NCYL’s kick-off seminar was held on June 6 and was honored to present Tirien Steinbach, Executive Director of the East Bay Community Law Center, as the keynote speaker.
Tirien Steinbach is a passionate leader in the campaign for justice. Born and raised in the Bay Area, Tirien has devoted her legal career to serving her community through a range of advocacy methods. Her past work includes representing prisoners on death row through the California Appellate Project, founding the Suitcase Clinic Legal Services project to defend the civil rights of homeless people, and incubating the East Bay Community Law Center’s Clean Slate practice, which to date has helped remove employment, housing, and education barriers for over 5,000 clients in Alameda County. Tirien is a Lecturer at Berkeley Law (Boalt Hall) and serves as Executive Director of the East Bay Community Law Center, one of the first and largest community-based legal clinics in the country. Tirien has received numerous fellowships and awards, including the inaugural Hon. Thelton E. Henderson Social Justice Prize.
Thursday, July 18 (12-1pm)
Understanding the Challenges Facing Youth in California’s Juvenile Justice System
Frankie Guzman, Soros Justice Fellow, National Center for Youth Law
A discussion of the history and future of California’s Juvenile Justice system from the perspective of an attorney whose experience serving “juvie life” in the California Youth Authority informs his current advocacy for improved treatment and alternative sentencing for youth charged with serious offenses.
Thursday, July 25 (12-1pm)
The Promises and Pitfalls of Public Interest Class Action Litigation
Bill Grimm, Senior Attorney, National Center for Youth Law
Leecia Welch, Senior Attorney, National Center for Youth Law
A discussion of class action litigation as an approach to reforming state and county foster care systems, using specific examples from NCYL’s work in various states. Hear from two seasoned litigators about the opportunities that litigation offers for systemic change and the procedural hurdles that make obtaining class-wide remedies challenging.
Thursday, July 29 (12-1pm)
Clerkships: Insights for Aspiring Public Interest Attorneys
Angela Chan, Senior Staff Attorney, Asian Law Caucus, and former Law Clerk for the Hon. Napoleon A. Jones of the Southern District of California
Allison Elgart, Legal Director, Equal Justice Society, and former Law Clerk for the Hon. Robert P. Patterson, Jr., of the Southern District of New York
Jesse Newmark, Interim Executive Director and Staff Attorney, Centro Legal de la Raza, and former Law Clerk for the Hon. Richard A. Paez of the Ninth Circuit and the Hon. Dean D. Pregerson of the Central District of California
Come hear inside tips on how to obtain a clerkship and learn how the clerking experience can be useful for a career in public interest law.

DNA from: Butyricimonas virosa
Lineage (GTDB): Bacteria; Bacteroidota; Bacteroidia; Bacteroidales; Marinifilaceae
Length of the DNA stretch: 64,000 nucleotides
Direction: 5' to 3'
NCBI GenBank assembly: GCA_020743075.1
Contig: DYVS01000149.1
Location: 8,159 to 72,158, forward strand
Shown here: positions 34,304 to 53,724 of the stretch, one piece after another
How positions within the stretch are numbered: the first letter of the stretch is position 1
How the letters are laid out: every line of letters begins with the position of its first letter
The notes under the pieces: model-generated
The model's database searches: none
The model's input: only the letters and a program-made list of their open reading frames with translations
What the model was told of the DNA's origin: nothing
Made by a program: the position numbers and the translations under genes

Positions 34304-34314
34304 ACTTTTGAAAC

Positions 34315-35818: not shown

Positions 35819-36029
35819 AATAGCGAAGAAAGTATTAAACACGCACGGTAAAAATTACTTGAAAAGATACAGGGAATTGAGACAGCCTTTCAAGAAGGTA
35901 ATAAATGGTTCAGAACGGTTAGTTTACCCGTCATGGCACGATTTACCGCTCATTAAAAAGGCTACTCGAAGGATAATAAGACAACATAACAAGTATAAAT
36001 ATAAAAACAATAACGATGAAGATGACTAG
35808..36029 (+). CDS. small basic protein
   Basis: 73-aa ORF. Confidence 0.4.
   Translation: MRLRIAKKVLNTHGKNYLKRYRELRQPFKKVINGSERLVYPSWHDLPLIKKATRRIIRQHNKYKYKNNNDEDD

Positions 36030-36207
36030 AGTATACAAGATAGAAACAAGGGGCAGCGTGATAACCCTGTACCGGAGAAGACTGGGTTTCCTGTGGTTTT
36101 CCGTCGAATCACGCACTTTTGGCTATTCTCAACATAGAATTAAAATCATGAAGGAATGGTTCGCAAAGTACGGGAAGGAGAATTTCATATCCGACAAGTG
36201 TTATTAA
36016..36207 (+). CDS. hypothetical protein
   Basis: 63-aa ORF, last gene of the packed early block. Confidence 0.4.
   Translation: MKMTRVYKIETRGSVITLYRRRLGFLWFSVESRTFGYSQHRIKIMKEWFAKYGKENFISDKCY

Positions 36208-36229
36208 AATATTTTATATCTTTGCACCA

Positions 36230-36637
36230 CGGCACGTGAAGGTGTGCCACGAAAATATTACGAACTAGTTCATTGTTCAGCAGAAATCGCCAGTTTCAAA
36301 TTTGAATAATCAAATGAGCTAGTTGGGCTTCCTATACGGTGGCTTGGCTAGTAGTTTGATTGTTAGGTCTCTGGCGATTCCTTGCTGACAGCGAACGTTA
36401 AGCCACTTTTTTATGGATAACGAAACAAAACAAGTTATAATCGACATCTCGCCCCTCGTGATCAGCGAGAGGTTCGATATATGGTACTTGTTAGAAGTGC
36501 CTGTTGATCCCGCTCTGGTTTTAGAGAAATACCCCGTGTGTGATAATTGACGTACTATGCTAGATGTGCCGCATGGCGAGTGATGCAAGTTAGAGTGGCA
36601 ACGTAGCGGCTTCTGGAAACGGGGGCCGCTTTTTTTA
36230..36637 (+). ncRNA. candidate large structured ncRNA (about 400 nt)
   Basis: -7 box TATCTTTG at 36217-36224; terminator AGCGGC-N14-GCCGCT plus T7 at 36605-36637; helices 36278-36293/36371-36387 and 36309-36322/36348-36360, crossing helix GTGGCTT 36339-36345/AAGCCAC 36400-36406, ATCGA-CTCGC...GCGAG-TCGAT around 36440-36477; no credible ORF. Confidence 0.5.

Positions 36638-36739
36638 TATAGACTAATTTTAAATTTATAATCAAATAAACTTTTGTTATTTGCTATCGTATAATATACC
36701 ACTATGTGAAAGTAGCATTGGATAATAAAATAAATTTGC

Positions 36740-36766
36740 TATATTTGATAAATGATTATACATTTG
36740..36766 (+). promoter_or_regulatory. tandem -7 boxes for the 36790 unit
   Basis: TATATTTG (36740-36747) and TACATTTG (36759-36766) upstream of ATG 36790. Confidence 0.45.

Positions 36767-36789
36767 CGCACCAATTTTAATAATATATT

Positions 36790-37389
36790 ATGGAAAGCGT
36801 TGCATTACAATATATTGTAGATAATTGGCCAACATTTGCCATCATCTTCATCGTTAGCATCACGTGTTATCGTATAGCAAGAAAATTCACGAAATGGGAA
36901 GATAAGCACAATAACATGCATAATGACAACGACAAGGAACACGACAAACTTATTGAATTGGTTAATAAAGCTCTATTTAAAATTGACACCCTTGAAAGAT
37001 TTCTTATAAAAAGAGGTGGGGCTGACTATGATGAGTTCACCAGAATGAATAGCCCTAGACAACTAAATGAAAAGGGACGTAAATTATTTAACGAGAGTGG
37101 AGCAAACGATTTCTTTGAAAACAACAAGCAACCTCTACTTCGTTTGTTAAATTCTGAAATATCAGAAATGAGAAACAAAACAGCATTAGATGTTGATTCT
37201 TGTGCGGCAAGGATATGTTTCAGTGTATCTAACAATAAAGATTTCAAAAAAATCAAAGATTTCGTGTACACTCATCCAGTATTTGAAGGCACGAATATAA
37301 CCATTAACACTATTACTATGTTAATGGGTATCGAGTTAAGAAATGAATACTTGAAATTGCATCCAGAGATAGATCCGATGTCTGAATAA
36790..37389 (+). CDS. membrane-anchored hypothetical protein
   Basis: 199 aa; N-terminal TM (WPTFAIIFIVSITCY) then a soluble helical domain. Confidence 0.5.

Thursday, August 1 (12-1pm)
Combatting Implicit Bias in the School-To-Prison Pipeline
Michael Harris, Senior Attorney, National Center for Youth Law
Is that student “disrupting class” or “taking initiative”? Engaging in “disorderly conduct” or “showing advocacy skills”? School staff’s perceptions of student behavior can result in disparate outcomes for youth, including disparate rates of exclusionary discipline and school-based arrest. Learn how implicit racial bias shapes these perceptions, fueling the School-To-Prison Pipeline, and about current advocacy efforts to derail that pipeline and keep kids out of juvenile court.
Thursday August 8 (12-1pm)
What’s the Prefrontal Cortex Got to Do With It? Understanding the Teen Brain to Improve Advocacy
Rebecca Gudeman, Senior Attorney, National Center for Youth Law
Hannah Benton, Staff Attorney, National Center for Youth Law
As advocates, how can we argue both that our teen clients should have autonomy in reproductive health decisions and that they are less culpable than adults for their mistakes, particularly mistakes that result in arrest? Learn about current neuroscience research around adolescent brain development, its implications for teenage decision-making skills and how to use this research to better advocate for teen clients.
All sessions (with the exception of the kick-off event) will be held at NCYL on the 16th Floor. NCYL is located at 405 14th Street, Oakland, 94612 (corner of 14th and Franklin) — just one block from the 12th Street Oakland City Center BART Station. Please feel free to bring your lunch. NCYL will provide treats. Email Miranda Perry, mperry(at)youthlaw.org, with any questions.
Staff and summer clerks watched the Oakland Athletics beat the Yankees!
NCYL Summer Clerks; Clare Kruger, Chelsea Bell, Jane Schroder, Anisha Asher, and Kelly Orians